[440 N.J.Super. 439] Sugar was arrested on a material witness warrant shortly after midnight on August 7, 1979. Id. at 5, 417 A.2d 474. He had two meetings with counsel that morning. The first was with a law firm associate at approximately 2:40 a.m., and the second was with his attorney, Jay H. Greenblatt, later that morning. Id. at 5-6, 417 A.2d 474. Each of the meetings occurred in an interrogation room with a concealed microphone. Ibid.

When Sugar's meeting with the law firm associate commenced, Lieutenant Michael Joseph Tirelli of the Vineland Police Department went into his office with Joseph Leon Soracco, Chief of Detectives, of the Cumberland County Prosecutor's Office. Id. at 6, 417 A.2d 474. Tirelli activated a monitor in his office that permitted them to listen to the conversation between Sugar and his attorney, telling Soracco, " it would be a good idea to know if we had a [sic] right guy or not." Ibid. He also recorded part of the conversation. Ibid.

At the second meeting, Sugar met with both Greenblatt and his associate in the same interrogation room. Ibid. Once again, Tirelli activated the monitor in his office and recorded the conversation. In addition to Tirelli and Soracco, Lieutenant Guy Buscemi and Detective John Mazzeo[1] eavesdropped upon the conversation. Id. at 6-7, 417 A.2d 474. Tirelli instructed Mazzeo to take notes and prepare criminal complaints against Sugar. Id. at 7, 417 A.2d 474. Tirelli summarized the eavesdropped conversations for Detective William L. Walters, who was drafting affidavits for a search warrant for Sugar's home. Id. at 6-7, 417 A.2d 474.

Greenblatt's associate accompanied the officers in the search of Sugar's home, and later advised Greenblatt they " had demonstrated an uncanny ability to locate what they were seeking quickly." Id. at 7, 417 A.2d 474. Although the fact of the illegal eavesdropping had been disclosed to the Cumberland County Prosecutor, no one advised Greenblatt that police officers had eavesdropped [440 N.J.Super. 440] and recorded his conversation with his client. Id. at 7-8, 417 A.2d 474. As additional search warrants were obtained and executed, Greenblatt began to suspect the police had eavesdropped upon his interview with his client, a suspicion confirmed by an anonymous caller. Id. at 8, 417 A.2d 474. Greenblatt contacted the Division of Criminal Justice in the Attorney General's Office and, after the eavesdropping was confirmed, the criminal prosecution was assumed by the State. Ibid.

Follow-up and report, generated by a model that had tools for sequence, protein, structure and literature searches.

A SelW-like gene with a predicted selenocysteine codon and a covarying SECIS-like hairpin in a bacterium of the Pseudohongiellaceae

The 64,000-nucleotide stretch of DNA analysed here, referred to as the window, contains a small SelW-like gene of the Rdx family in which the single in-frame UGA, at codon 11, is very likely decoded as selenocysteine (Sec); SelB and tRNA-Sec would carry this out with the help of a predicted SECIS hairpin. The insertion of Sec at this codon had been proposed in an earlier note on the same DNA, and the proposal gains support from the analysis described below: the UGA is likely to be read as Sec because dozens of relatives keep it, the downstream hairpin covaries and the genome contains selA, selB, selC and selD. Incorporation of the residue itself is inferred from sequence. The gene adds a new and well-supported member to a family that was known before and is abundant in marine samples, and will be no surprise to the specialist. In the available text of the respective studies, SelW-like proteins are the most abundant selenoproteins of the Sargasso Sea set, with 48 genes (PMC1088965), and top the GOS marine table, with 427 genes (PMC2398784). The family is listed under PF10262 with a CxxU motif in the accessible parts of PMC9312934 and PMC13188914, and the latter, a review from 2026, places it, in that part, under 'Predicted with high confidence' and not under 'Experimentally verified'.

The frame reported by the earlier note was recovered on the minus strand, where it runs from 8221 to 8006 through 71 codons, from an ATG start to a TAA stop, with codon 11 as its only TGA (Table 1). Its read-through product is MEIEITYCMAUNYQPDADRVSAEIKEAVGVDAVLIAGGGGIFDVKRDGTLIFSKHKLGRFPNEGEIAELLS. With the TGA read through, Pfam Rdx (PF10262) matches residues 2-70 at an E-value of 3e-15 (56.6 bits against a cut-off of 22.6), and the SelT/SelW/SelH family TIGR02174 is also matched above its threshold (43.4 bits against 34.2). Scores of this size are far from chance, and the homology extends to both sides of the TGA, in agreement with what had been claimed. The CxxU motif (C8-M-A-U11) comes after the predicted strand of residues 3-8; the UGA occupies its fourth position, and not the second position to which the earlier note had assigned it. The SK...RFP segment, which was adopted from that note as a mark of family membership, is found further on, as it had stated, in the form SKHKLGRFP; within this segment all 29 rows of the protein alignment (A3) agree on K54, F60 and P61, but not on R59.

The harm caused was not limited to the police officers' intrusion into the attorney-client relationship. Accounts of the eavesdropping made their way into two newspapers and " detailed descriptions of [Sugar's] conversations circulated" in Vineland. Id. at 9, 417 A.2d 474.

Sugar's constitutional claims were based upon the guarantees provided by the Sixth Amendment of the United States Constitution and article I, paragraph 10 of the New Jersey Constitution, which " establish a defendant's right to the assistance of counsel in criminal prosecutions." Sugar I, supra, 84 N.J. at 15-16, 417 A.2d 474. The Court stated there were two possible ways in

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which the illegal eavesdropping[2] could " irreparably compromise[]" the ability of Sugar's attorney to be effective:

The first is that official knowledge of the contents of the overheard conversation would prevent defendant's counsel from constructing and presenting an adequate defense. The second potential source of impairment arises from public knowledge of the interview between defendant and his attorneys.